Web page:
How do you train people to talk to other people? For some professions, like nursing, communicating with others is a critical part of the job. Computer scientist Ben Lok developed software for nursing students to interview and examine a “virtual patient.” The patients speak like actual people, have back stories, and don’t necessarily share information easily. The son of a pipeline engineer and a nurse, Lok moved to the Tulsa from Malaysia when he was 5 years old. He credits his father’s prescient interest in computers - and an Atari game - with his career path. Lok’s company, Shadow Health, has plans to develop applications for other occupations that rely on face -to-face communication. Hear Ben Lok’s story in our Virtual Patients podcast on Radio Cade. Learn more about Shadow Health here: shadowhealth.com/.
2011 Cade Prize Finalists
Florida Sustainables & US Bioplastics
Steven Miller says it so aptly “the journey is on-going”. Steven Miller and Ryan Martin want to create a more sustainable planet through a new polymer that significantly advances the biodegradability of plastic. Some plastic is projected to take a millennium – imagine 1,000 years – to break down in the environment. So finding a way to reduce that time to 10 years or less is a game-changing proposition for our planet. When Steven Miller and his team won the Cade Prize in 2011, their concept was an academic endeavor. They quickly formulated a company to take their technology beyond the lab. One of their flagship products is a bio-renewable, water-degradable plastic designed for use in highly disposable applications. It eliminates environmental contamination by replacing non-degradable petroleum-based plastics with materials derived from agricultural and other waste products. “It takes a billion dollars to enter the polymer market” Steven noted, so the team sought to align with large manufacturing firms who could advance their process and products through their technology. After some starts and stops (again…it’s a journey) Steven and the team at US Bioplastics are forging an alliance with a new manufacturing partner, which already produces biodegradable plastic products. Their biodegradable plastic is a hybrid of a regular polymer plus a bio-degradable polymer, and the cost of the bio-degradable polymer currently being used is high. Steven and his team just might be the key to helping this large company increase the level of biodegradability in its products, reduce costs and help save the plant too! Cost in the plastics industry is a key impediment to advancing even more products towards significantly higher levels of biodegradability, so a lower materials cost can be a key driver of that evolution. The firm continues to benefit from its access to tremendous UF graduate and post-doctoral students, and everyone on the Cade Prize team remains so excited to see where the future takes Steven - his incredible team – and their incredible dream. Learn more here.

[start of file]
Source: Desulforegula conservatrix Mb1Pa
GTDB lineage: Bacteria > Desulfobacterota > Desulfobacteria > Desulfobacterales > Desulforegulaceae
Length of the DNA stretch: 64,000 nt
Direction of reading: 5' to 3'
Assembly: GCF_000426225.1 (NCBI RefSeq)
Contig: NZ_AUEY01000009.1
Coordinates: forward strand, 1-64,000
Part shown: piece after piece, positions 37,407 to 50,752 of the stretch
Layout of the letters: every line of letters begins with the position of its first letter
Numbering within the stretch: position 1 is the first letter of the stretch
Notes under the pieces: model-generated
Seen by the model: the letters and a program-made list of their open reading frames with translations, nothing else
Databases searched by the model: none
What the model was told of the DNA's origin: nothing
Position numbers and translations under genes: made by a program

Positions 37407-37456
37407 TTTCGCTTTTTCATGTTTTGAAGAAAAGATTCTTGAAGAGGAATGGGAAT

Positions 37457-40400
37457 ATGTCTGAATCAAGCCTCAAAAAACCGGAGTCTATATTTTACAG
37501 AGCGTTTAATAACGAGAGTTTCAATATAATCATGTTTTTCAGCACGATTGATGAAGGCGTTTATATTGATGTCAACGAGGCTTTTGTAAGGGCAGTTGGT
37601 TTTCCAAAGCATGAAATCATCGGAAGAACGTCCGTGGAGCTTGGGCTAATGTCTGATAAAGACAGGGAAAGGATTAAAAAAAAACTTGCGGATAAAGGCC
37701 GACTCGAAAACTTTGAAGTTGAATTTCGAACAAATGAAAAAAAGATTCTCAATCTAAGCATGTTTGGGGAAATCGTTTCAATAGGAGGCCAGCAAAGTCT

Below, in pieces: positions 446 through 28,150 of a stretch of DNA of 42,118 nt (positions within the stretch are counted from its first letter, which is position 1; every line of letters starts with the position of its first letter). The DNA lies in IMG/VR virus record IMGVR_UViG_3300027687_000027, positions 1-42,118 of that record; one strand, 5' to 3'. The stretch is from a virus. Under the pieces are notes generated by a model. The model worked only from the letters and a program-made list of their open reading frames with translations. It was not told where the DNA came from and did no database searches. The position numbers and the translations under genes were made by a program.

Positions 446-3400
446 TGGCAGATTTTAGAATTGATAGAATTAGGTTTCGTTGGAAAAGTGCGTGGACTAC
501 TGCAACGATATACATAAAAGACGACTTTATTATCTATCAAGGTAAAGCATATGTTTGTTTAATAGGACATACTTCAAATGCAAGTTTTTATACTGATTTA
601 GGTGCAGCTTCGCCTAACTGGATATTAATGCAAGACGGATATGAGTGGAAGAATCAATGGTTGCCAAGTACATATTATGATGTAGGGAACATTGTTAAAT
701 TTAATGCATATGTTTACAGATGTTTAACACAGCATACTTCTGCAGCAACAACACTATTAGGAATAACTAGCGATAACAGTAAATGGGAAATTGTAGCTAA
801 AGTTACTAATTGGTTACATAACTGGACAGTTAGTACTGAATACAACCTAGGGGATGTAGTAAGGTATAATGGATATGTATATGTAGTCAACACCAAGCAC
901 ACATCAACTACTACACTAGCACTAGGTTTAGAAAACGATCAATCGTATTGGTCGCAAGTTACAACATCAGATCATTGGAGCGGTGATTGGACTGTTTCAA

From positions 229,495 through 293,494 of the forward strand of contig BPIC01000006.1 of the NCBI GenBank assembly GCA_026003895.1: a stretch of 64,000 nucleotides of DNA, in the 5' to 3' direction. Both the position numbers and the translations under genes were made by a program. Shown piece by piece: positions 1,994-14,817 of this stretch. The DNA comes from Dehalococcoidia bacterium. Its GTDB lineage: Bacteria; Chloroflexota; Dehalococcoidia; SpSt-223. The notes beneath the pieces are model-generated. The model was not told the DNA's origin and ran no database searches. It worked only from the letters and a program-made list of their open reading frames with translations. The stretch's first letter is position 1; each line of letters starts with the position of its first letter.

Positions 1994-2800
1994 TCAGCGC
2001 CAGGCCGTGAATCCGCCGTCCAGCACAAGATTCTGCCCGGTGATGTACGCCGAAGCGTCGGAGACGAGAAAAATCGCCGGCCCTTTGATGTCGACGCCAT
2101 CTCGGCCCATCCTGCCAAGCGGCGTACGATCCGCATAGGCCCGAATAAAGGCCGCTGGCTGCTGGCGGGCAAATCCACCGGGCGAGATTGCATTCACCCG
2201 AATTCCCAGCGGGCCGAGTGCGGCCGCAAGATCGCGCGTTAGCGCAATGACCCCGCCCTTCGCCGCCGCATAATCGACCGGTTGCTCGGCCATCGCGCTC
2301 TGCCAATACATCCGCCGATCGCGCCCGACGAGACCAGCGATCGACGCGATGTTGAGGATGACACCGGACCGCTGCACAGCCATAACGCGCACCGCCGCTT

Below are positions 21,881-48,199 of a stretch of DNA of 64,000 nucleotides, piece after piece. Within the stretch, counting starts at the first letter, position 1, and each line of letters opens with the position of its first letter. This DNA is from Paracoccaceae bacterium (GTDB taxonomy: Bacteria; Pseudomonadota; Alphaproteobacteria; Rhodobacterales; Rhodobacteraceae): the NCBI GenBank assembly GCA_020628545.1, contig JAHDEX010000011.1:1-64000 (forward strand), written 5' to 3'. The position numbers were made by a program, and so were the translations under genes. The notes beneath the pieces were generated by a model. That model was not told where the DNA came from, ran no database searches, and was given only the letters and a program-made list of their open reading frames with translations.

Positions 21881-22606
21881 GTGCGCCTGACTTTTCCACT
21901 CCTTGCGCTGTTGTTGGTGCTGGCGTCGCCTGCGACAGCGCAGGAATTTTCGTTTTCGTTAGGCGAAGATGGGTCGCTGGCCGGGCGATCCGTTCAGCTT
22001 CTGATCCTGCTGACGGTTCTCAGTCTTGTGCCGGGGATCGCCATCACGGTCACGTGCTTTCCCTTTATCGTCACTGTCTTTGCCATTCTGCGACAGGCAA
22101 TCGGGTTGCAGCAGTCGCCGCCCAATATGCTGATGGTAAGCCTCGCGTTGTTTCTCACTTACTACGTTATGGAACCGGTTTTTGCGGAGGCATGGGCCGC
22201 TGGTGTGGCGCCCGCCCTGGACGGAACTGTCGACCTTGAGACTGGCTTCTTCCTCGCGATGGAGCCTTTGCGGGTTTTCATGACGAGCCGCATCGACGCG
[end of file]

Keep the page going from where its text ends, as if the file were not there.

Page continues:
For Nik Kundra, launching a successful bar and restaurant inventory management system happened almost by accident. Nik’s instinct to listen to the market continues to fuel his success. During a break from medical school in 2010, on a whim, Nik enrolled for a 3-day business start-up course, and a related, yet very unexpected sequence of events led Nik to the local bar. Nik and his friends waited for a few bartenders to complete their evening shifts, but they were stuck in the painstakingly difficult and time-consuming process of monthly inventory. That was the moment that Partender was born. With his on-premise inventory management system idea formulated, Nik entered the Cade Prize. “The Cade Prize was the first real pitch we ever gave”, he said, “it helped us hone the way we presented our idea, and prepared our team to go out and present our idea to funders and partners”. Nik and his team quickly moved forward with business development, refining the business model, product development and app design. He assembled a team and the company made its first liquor inventory solution sale to a group of 9 bars within the first year. Partender also surveyed more than 1,000 bars & restaurants, and it was this client-centric approach - that not only led to the launch of a successful product - but has sparked product evolution since that time. Speaking of time, Partender helps bars and restaurants reduce average inventory time from 6 hours to 15 minutes, and promotes financial savings as another key benefit. Another unexpected moment that accelerated Partender’s business was the decision to attend a trade show very early on in the process. Crowds at the Partender booth caught the attention of the trade show founder, which led to Partender being tapped to appear on the Bar Tender show. Since that time, Partender has grown its accounts - with more than 15,000 bar and restaurant locations using their app/product – and its business lines have expanded significantly. Nik and his team have continued to listen intently to their clients, gaining crucial market and channel insight, which was instrumental in expanding Partender services beyond an on-premise inventory system - into liquor gap assessments, food and added product inventory & ordering, fraud & waste control, and financial control. Learn more about Partender.
2010 Cade Prize Finalists
One of nine children, Dr. Anthony (Tony) Brennan grew up in a small town in upstate New York. He invented a way to inhibit bacterial growth through plastic sheets that are comprised of millions of microscopic features arranged in a diamond pattern - much like shark skin. A voracious reader, Tony wanted to be an astronaut growing up, but had poor eyesight. His inspiration for Sharklet Technologies was the US Navy, which in 1999 asked him to figure out a way to keep barnacles from growing on its ships. Hear Anthony’s Brennan story in our Shark Think Tank podcast on Radio Cade. Learn more about Sharklet at: https://www.sharklet.com/